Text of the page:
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Truths and misconceptions about the food that brings sleep

A light evening meal can eliminate hunger, a known cause of many insomnia. But if you eat the wrong kind of food you could totally wake up. See what and how to eat and drink before going to bed.

Dr. Rachel Johnson of the EatingWell Nutrition Advisory Board explains which foods help you fall asleep and which foods will bring you sleep problems and possible insomnia. Here’s what the research says:

Carbohydrate-rich dinner

A light evening meal can eliminate hunger, a known cause of many insomnia. But eating fast-breaking carbohydrates, that is. those with a high glycemic index like some types of rice hours before dinner can also help.

Research has shown that when people who have no sleep problems for dinner eat a meal with vegetables and tomato sauce with carbohydrate-rich rice, they fall asleep significantly faster if the meal is prepared from jasmine rice than if they cook longer-grain rice with lower glycemic index. Researchers hypothesize that foods with a high GI stimulate the secretion of higher amounts of insulin, which increases the ratio of tryptophan compared to other amino acids in the blood. Therefore, a larger amount of tryptophan reaches the brain, so people are more sleepy.

Warm milk

A couple of decades ago, scientists examined the effect of a folk remedy – warm milk – on sleep and hypothesized that tryptophan, an amino acid in milk (and turkey), may be responsible for the supposedly hypnotic effect of milk. Namely, previous research has shown that the release of tryptophan into the brain creates serotonin, which calms us down. But when they tested milk (and other foods rich in tryptophan), there was no effect on the sleeping habits of the research participants. Maybe because the amino acids in these foods nullified the effect of tryptophan on the brain. This means that warm milk can keep you warm, but it will not stimulate the secretion of serotonin, which puts you to sleep.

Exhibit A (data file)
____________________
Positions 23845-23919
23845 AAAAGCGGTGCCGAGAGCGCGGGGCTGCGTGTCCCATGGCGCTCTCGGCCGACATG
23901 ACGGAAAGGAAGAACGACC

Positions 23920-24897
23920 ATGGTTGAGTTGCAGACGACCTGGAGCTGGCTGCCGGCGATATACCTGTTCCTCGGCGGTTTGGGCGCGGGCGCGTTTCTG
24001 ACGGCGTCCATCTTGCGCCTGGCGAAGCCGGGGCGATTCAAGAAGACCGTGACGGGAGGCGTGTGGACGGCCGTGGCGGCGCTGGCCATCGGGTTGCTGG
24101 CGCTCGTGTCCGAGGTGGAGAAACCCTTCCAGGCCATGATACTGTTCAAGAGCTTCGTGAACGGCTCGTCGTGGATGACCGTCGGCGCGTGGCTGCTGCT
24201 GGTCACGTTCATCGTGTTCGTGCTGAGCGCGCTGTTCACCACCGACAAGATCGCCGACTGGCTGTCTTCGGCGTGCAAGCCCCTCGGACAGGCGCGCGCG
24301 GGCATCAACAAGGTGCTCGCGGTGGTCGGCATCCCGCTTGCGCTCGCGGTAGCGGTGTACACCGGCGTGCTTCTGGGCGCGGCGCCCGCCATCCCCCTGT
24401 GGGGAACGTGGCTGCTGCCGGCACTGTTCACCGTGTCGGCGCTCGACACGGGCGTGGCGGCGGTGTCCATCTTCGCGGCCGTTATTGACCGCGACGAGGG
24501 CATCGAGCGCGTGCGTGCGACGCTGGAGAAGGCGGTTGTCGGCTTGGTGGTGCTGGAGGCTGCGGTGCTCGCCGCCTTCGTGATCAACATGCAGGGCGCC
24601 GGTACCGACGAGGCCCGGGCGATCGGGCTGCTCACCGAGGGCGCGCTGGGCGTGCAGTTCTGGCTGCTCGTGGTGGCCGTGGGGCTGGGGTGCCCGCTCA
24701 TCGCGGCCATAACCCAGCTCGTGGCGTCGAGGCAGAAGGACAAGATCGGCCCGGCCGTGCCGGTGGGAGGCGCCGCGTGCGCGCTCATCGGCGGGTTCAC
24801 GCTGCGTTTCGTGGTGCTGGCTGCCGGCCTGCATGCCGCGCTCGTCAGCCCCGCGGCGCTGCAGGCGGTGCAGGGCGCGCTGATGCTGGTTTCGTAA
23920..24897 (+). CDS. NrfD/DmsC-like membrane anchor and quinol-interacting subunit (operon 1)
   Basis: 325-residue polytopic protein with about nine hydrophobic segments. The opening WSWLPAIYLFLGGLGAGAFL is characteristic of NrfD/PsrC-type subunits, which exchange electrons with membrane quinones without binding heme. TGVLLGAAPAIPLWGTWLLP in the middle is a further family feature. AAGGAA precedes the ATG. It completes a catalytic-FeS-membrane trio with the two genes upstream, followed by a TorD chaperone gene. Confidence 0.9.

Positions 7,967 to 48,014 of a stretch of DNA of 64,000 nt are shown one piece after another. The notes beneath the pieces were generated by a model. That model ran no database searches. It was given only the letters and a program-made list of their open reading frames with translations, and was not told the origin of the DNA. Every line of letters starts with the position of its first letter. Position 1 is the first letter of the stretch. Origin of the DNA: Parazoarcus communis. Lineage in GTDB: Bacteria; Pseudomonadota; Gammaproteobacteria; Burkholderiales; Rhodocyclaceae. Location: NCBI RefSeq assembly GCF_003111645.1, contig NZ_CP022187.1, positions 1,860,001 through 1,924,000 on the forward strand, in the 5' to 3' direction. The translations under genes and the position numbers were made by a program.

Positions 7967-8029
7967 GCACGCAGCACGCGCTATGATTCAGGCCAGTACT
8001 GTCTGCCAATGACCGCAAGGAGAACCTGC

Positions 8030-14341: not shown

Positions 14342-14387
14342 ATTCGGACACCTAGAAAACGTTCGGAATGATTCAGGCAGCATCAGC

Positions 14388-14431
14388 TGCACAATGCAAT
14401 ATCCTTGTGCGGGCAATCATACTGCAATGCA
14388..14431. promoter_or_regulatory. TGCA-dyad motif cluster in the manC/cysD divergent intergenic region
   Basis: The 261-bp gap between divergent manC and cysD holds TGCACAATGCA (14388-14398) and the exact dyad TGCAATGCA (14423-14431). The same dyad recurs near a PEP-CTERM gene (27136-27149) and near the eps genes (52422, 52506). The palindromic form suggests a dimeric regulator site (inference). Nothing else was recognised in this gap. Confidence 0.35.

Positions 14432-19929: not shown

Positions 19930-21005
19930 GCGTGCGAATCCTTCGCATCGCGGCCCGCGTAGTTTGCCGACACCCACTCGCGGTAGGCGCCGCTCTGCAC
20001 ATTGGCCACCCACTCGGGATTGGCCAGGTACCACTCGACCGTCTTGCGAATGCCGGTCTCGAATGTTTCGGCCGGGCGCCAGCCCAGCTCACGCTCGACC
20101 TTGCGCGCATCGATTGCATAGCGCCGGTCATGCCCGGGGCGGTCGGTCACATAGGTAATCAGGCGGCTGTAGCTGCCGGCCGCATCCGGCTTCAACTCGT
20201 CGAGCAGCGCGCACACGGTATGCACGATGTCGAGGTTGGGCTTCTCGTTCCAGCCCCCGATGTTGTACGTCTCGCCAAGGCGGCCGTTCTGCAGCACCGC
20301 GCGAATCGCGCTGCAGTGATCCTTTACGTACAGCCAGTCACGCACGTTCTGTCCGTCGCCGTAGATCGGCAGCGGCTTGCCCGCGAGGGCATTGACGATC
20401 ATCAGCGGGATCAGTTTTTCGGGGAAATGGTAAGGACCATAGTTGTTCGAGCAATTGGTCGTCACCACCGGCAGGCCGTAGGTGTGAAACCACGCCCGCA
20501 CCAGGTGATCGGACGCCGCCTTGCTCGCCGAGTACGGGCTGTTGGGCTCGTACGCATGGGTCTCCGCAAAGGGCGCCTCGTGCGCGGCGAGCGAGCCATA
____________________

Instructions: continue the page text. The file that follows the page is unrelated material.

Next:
Herbal teas

Lemongrass, chamomile, passionflower and other herbal teas are often found in hypnotic blends. Clinical trials have not yet proven this, but if you have noticed that tea helps you before bed – just keep going. The same tea may not have the same effect on someone else.

Caffeine

Caffeine affects everyone differently. If you are more sensitive, it might be a good idea to reduce your intake of caffeinated beverages or limit them to the morning only. Keep in mind that in addition to coffee, tea and energy drinks, caffeine is also present in chocolate. In addition, sensitivity to caffeine can increase with age, so you should reduce your usual dose with age.

Alcohol

Although a glass of wine could help you fall asleep, excessive drinking can cause you to wake up during the night. According to one theory, alcohol suppresses the REM phase of sleep, which is crucial for the age of sleep.

Herbal sleeping preparations

Shelves in pharmacies are richly supplied with various natural sleeping aids. But an official U.S. study found that half of the 1.6 million who tried them had significantly worsened insomnia. A number of studies have failed to prove either the negative or positive effect of many preparations, such as popular therapies with valerian.

Written by michael

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